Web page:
Section

  • 1
  • 2

    OverviewModule 2 covers consequentialism. Module 1 introduces the general theory of consequentialism and the conception of the good.

    Learning Objectives

    After completing modules 1 and 2, you will be able to:

    • Discuss the role of theory in ethics.
    • Recognize the utilitarian or consequentialist framework in ethical, economic, or health policy arguments.
    • Identify the strengths and weaknesses of consequentialist arguments.
    • Examine different theorists' conceptions of the good.
  • 3

    OverviewModule 3 continues the topic of consequentialism, exploring the differences between rule and act utilitarianism and the challenges of utilitarianism.

    Learning Objectives

    After completing modules 1 and 2, you will be able to:

    • Discuss the role of theory in ethics.
    • Recognize the utilitarian or consequentialist framework in ethical, economic, or health policy arguments.
    • Identify the strengths and weaknesses of consequentialist arguments.
    • Examine different theorists' conceptions of the good.
  • 4

    OverviewModule 4 introduces deontology and explains the differences between deontology and utilitarianism.

    Learning Objectives

    After completing modules 3 and 4, you will be able to:

    • Explain why deontology is the standard alternative to utilitarianism
    • Recognize the deontological framework in some ethical arguments and in critiques of health policy argument
    • Identify the strengths & weaknesses of deontological arguments
    • Apply deontology to standard issues in medical ethics — e.g., autonomy
  • 5

    OverviewModule 4 continues the examination of deontology and reviews the challenges to deontology.

    Learning Objectives

    After completing modules 3 and 4, you will be able to:

    • Explain why deontology is the standard alternative to utilitarianism
    • Recognize the deontological framework in some ethical arguments and in critiques of health policy argument
    • Identify the strengths & weaknesses of deontological arguments
    • Apply deontology to standard issues in medical ethics — e.g., autonomy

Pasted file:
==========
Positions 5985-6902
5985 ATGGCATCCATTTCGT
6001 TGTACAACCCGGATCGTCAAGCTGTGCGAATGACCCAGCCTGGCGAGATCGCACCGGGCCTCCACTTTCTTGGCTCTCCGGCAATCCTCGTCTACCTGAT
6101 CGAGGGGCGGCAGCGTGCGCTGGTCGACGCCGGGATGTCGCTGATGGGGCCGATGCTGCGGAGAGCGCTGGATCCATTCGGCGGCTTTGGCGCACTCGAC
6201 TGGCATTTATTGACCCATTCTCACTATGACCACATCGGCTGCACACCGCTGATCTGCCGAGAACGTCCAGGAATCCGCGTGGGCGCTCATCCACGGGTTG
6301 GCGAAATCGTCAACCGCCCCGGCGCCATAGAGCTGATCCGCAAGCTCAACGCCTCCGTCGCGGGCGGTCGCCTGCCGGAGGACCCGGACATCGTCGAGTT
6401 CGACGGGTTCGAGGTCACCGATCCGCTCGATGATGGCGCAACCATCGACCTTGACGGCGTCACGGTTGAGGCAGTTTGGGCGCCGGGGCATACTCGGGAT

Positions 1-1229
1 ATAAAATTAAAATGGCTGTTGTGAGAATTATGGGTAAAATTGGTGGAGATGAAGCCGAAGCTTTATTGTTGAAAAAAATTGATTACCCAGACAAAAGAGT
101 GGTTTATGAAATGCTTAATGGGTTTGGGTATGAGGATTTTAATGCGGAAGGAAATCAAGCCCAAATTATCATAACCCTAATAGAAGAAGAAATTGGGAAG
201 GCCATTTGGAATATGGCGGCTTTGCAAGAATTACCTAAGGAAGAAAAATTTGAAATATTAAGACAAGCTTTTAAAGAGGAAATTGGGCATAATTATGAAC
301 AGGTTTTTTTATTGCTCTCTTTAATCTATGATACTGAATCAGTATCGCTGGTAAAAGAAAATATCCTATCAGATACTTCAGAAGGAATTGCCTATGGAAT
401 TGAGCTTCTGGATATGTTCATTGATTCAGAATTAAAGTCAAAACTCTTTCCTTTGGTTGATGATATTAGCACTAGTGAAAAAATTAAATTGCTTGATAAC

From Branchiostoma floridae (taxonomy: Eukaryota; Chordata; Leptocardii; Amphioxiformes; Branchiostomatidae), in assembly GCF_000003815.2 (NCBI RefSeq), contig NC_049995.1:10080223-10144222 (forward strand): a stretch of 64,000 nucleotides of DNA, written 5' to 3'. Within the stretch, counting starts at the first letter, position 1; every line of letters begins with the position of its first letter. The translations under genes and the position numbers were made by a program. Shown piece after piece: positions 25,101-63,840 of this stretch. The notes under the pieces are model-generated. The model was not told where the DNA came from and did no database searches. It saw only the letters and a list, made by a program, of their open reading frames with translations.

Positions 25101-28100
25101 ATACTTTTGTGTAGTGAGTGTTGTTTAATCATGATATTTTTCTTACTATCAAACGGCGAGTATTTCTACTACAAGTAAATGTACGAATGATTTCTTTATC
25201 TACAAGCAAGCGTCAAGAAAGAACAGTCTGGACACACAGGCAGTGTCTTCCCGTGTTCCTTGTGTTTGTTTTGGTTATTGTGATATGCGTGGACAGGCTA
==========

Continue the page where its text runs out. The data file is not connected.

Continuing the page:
• 6

    OverviewModules 5 covers paternalism. Paternalism is not an ethical viewpoint, per se, but an element of many policies.

    Learning Objectives

    After completing modules 5, you will be able to:

    • Recognize paternalism in a variety of public policies and practices
    • Discuss the arguments for and against paternalistic justifications
    • Examine paternalism in issues of medical ethics and research ethics — e.g., risk management
  • 7
  • 8
  • 9

    OverviewModule 8 introduces the topic of human rights.

    Learning Objectives

    After completing module 8, you will be able to:

    • Examine the alleged differences between human rights, moral rights, and legal rights
    • Discuss some controversies over what constitutes a human rights violation
    • Describe the “practice” of human rights
    • 10

      Overview

      Module 9 introduces the topic of virtue ethics.  

      Learning Objectives

      After completing module 9, you will be able to:

      • Examine the contrast between an ethics of character and an ethics of action
      • Identify virtues of health professionals
      • 11

        OverviewModule 10 introduces the ethics of care and feminist critiques of ethical theories.

        Learning Objectives

        After completing module 10, you will be able to:

        • Discuss the feminist critique of standard ethical theories
        • Examine the strengths and weakness of an ethics of care
        • 12